Friday, 04 September 2009 00:00
Since 2004, there have been 67 raccoons positively infected with rabies and the Nassau County Department of Health believes there is a high probability that other raccoons are also infected. Because of the threat to wildlife and domestic animals from terrestrial rabies, action needs to be taken quickly to prevent rabies from becoming endemic here.
Continuing the effort to eradicate raccoon rabies in Nassau, the county’s Department of Health, in cooperation with the New York State Department of Health, Cornell University and the United States Department of Agriculture’s Wildlife Services will again distribute raccoon rabies vaccine to protect residents from rabies.
Rabies vaccine, distributed by truck and helicopter in raccoon habitats, which include woods, bushes, streambeds, sewers and other areas, began Aug. 31. The bait, attractive to raccoons, is a small packet of liquid vaccine, which is inside a brown fishmeal cube. Truck distribution will be through Sept. 18, weather permitting; helicopter distribution will commence on Sept. 8 and run through Sept. 18 or thereafter, weather permitting.
The baiting area will cover the entire northern portion of Nassau County from the Queens to Suffolk borders. West of Herricks Road the southern border for baiting is the Long Island Rail Road (LIRR) Main Line while east of Herricks Road the southern border for baiting is Old Country Road.
The New York State and Nassau County Departments of Health recommend:
• To avoid inadvertent contact with the baits, supervise childrens’ outdoor activities both during and for approximately one week following the bait distribution.
• Keep all dogs and cats indoors or on leashes during the oral bait distribution and for about a week afterward. This will allow raccoons to eat the vaccine-laden baits and become immunized and will decrease the chance of pets eating the baits.
• The baits are not harmful to dogs or cats, but a pet may vomit if they eat a large number of them. Do not try to remove a packet from an animal’s mouth. Call the Poison Control Center at 1-800-222-1222 if you have seen your pet with bait in its mouth.
You should also contact Poison Control in the event there is direct human contact with the bait or in the unlikely event that a child bites through the packet and ingests the liquid. Wash hands immediately before calling to report the exposure if anyone comes in bare-hand contact with the bait (even if the bait is intact.)
If residents find bait near their homes, but not in the open, leave it alone. If the bait is intact and out in the open where pets or children are more likely to encounter it, toss it into deeper cover under trees or bushes while wearing gloves or using a plastic bag. Remember that it is not possible to get rabies from the vaccine. The vaccine does not contain the rabies virus. It does contain attenuated vaccinia virus. This is a weakened version of the virus used in people for smallpox vaccination.
The bait packets have a strong fishmeal smell that is not attractive to people or to most other animals; Raccoons are attracted by the scent of the bait and are immunized when they eat the contents of the packets. A label that clearly identifies the bait packet reads: “Rabies Vaccine Live Vaccinia Vector. Do Not Disturb, Merial, Inc Us Vet Lic. No. 298 1-877-722-6725.”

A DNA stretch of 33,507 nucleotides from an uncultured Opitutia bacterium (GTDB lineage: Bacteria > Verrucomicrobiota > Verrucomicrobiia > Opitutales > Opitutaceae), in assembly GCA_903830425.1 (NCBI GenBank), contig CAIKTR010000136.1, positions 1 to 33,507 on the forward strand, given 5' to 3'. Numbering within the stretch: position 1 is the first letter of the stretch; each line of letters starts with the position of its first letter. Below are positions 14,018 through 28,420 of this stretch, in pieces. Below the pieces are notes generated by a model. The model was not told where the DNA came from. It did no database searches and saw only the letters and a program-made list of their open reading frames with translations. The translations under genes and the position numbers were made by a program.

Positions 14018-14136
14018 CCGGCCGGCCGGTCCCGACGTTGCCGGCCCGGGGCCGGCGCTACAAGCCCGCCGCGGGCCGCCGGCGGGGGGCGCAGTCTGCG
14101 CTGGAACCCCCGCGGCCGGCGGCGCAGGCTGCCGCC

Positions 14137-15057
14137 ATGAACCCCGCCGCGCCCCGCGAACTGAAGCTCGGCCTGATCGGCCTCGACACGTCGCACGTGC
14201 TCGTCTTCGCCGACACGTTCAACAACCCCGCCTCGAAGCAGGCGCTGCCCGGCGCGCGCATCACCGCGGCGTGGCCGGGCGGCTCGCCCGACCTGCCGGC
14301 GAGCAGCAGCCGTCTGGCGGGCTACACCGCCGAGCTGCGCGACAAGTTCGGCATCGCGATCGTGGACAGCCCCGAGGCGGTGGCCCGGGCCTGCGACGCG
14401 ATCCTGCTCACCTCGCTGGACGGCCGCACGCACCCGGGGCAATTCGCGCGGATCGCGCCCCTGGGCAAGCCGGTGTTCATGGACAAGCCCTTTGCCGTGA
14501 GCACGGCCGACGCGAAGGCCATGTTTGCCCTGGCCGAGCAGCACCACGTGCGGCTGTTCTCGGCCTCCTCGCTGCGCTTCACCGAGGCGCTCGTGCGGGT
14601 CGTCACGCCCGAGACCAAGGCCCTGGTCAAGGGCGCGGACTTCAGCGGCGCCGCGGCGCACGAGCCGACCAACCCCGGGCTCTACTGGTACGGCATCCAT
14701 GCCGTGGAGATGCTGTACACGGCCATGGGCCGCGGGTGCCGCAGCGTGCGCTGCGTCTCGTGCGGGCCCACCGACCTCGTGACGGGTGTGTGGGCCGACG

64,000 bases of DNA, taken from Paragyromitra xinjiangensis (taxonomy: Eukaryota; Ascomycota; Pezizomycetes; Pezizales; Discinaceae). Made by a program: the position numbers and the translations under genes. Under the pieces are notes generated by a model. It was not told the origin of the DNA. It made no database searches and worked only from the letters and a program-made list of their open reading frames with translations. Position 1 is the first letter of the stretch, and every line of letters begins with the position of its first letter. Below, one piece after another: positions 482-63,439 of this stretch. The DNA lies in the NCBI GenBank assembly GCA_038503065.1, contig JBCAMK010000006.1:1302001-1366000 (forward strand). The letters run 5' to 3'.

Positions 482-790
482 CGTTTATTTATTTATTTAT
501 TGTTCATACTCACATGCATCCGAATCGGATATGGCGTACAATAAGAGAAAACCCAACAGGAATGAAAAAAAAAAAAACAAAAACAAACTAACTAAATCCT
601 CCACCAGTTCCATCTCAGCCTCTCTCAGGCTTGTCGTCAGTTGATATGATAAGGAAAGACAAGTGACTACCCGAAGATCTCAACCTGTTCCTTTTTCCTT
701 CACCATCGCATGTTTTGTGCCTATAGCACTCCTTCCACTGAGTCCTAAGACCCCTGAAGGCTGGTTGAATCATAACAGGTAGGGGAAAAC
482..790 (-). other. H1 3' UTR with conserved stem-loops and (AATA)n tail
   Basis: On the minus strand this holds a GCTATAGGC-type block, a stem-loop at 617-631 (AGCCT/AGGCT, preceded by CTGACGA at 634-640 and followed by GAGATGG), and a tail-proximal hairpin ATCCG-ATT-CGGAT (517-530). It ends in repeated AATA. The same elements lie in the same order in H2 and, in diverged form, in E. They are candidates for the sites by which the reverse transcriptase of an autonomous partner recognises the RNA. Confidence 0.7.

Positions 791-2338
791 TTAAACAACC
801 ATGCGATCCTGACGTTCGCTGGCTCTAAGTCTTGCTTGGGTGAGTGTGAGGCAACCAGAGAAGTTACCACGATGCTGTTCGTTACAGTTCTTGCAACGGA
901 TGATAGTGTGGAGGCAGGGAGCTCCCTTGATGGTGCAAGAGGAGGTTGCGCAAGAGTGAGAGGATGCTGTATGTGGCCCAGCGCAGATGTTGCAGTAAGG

Rabies is a viral infection that affects the nervous system of raccoons and other mammals, including humans. The disease is essentially always fatal once clinical signs of infection occur. Vaccination will greatly decrease the chance of human and domestic animal contact with rabid raccoons. Rabies is transmitted by the bite of a rabid animal. However, the virus may also be transmitted when the saliva of a rabid animal comes into contact with cut, open, or scratched skin lesions.
To protect from exposure to possible rabies:
• Keep domestic animals such as dogs, cats, ferrets, etc. on a leash and keep livestock confined in the evenings.
• Do not touch or have contact with any animal other than your own.
• Do not touch dying or dead animals. If you must move them, use a shovel, wear heavy rubber gloves and double-bag the carcass.
• Residents who see raccoons should not try to trap the raccoons themselves. Call a licensed trapper.
• Advise your family against approaching any unknown animal — wild or domestic – especially those acting in an unusual way.
• Instruct your children to tell you immediately if they were bitten or scratched by any animal.
• If a bat is found in a room where adults or children were sleeping, or if an adult enters a room and finds a bat with a child, do not release the bat. Notify the county health department immediately.
• Do not feed unknown animals and discourage them from seeking food near your home
• Keep garbage cans tightly covered and avoid storing any food outside.
• Verify that your pets, including dogs, cats, ferrets, livestock and horses, have current rabies vaccination; remember, New York State law requires all dogs, cats and domesticated ferrets to be vaccinated against rabies.
• Individuals bitten or scratched by any animal should immediately contact their physicians or seek medical help at a hospital emergency room and then call the Nassau County Department of Health at 227-9697.
For information regarding rabies and baiting, call Nassau County Department of Health at 227-9663 weekdays from 9 a.m. to 4:30 p.m. or www.nassaucountyny.gov/ agencies/health/. Information is also available on the state website, www.health.state.ny. us/diseases/communicable/zoonoses/rabies.